Interaction terms

Suppose you have variables $X_{1}, \dots, X_{100}$ (can be discrete or continuous). If you want to test all possible interactions, should you include them all in 1 model? We are doing linear regression here.

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No. That would be about $10^{30}$ interactions, which is probably too many variables for the data you have available.

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So how would you choose which variables to test for interaction? – Thomy Ja Mar 7 '12 at 3:46
I would hope to have some theoretical basis for choosing a subset of variables to look at. If you want the data to dictate your choice you are in the world of data mining (I've added the data-mining tag) and should look up some of the methods there. – Peter Ellis Mar 7 '12 at 3:49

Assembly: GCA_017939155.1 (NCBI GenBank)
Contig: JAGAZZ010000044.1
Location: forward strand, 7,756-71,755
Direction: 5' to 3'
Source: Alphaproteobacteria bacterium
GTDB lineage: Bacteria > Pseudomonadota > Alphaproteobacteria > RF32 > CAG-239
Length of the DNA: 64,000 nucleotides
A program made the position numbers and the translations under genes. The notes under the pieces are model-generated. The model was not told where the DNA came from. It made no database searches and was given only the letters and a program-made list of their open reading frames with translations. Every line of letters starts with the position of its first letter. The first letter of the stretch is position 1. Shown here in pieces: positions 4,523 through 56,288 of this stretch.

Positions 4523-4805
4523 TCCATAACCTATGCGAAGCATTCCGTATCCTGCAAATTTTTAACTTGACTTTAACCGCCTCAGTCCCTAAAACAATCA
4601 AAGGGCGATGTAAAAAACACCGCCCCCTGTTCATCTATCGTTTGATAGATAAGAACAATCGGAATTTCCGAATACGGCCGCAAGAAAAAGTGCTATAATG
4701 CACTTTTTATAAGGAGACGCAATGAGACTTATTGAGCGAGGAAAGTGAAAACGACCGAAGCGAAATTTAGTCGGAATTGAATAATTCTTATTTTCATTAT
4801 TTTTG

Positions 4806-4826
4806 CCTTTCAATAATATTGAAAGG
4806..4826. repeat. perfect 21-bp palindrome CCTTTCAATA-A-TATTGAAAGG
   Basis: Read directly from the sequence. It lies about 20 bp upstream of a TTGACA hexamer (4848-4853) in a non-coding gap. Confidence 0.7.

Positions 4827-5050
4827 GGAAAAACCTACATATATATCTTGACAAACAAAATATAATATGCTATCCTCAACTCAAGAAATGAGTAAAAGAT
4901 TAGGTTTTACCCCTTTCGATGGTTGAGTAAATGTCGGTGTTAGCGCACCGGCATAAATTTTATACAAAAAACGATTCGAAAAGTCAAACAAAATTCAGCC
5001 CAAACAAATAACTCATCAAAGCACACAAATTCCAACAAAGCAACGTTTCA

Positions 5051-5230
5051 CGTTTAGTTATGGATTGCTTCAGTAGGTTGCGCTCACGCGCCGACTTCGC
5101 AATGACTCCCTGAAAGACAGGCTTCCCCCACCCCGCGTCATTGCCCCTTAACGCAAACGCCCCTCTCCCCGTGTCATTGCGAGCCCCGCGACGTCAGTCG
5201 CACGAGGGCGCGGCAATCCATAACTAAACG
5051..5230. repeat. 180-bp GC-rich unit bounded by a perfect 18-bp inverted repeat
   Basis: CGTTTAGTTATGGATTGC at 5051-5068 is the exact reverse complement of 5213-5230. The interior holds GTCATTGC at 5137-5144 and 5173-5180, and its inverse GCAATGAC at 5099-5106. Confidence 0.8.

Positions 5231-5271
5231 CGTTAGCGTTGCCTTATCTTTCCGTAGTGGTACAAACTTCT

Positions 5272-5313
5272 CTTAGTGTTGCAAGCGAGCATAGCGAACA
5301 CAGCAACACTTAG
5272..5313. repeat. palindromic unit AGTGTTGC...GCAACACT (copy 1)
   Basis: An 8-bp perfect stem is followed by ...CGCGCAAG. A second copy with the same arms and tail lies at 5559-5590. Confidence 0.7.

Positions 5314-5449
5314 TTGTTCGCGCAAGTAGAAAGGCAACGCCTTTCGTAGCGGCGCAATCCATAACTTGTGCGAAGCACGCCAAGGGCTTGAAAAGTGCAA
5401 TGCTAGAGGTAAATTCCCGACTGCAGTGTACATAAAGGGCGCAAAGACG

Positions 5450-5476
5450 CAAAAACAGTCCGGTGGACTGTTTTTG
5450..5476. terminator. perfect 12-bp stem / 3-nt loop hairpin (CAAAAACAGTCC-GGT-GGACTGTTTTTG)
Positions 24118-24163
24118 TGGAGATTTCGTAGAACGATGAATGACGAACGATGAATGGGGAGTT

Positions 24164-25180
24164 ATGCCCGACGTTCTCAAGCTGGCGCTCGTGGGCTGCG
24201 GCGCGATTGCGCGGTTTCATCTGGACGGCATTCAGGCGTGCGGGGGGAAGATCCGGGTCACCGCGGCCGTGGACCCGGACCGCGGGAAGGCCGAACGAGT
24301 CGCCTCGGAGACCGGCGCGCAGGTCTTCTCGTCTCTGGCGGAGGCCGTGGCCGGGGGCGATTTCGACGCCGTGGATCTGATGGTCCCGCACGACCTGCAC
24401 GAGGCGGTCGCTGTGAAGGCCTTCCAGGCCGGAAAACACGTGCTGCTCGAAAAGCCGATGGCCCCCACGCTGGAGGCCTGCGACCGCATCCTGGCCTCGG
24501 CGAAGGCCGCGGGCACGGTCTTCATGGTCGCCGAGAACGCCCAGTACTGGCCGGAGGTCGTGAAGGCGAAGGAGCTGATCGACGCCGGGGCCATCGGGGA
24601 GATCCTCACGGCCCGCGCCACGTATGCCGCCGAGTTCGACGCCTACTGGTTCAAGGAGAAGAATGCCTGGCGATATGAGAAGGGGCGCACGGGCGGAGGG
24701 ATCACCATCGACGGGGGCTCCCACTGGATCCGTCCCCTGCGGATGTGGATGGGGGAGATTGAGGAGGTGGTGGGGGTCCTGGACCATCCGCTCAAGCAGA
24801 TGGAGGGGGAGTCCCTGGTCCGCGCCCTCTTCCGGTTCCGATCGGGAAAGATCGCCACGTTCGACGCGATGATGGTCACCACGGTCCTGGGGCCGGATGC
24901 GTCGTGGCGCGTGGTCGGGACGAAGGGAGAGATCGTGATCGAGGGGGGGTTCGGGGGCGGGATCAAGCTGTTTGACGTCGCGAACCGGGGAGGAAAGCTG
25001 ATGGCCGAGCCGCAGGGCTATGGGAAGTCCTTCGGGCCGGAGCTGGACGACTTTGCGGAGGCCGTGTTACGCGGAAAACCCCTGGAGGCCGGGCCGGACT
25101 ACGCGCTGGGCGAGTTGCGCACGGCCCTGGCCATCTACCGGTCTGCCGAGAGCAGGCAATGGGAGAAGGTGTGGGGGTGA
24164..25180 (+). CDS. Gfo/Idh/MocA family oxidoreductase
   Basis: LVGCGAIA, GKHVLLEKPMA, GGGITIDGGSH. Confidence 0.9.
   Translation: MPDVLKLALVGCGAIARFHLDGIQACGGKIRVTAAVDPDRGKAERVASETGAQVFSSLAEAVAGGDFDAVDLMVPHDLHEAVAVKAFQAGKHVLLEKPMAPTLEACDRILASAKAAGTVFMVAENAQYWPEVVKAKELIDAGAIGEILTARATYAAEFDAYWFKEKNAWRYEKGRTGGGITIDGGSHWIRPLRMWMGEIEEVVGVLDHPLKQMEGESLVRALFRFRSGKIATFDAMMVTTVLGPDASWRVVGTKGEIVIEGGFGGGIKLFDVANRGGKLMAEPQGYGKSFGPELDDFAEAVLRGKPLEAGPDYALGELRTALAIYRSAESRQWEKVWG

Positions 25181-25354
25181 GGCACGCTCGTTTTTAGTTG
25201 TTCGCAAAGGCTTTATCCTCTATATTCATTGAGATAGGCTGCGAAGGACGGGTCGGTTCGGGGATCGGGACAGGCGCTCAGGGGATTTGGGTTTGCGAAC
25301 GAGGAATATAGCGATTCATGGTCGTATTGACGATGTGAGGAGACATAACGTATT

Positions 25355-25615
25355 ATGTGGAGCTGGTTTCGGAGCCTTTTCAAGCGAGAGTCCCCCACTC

Where do you get $10^{30}$? Aren't there only $\binom{100}{2} = 4950$ possible pairwise interactions? – Macro Mar 7 '12 at 3:52
The question was all possible interactions: x <- 0; for (i in 2:100){x <- x + choose(100,i)}; x – Peter Ellis Mar 7 '12 at 4:01
First, resolve whether you mean all possible interactions (which is how @PeterEllis interpreted your question) or just all possible two-way interactions (which is how @macro) interpreted it. But I'd be cautious about a model with 100 variables, much less interactions among them. It's hard to conceive how such a model could be interpreted. What's the context? – Peter Flom Mar 7 '12 at 12:16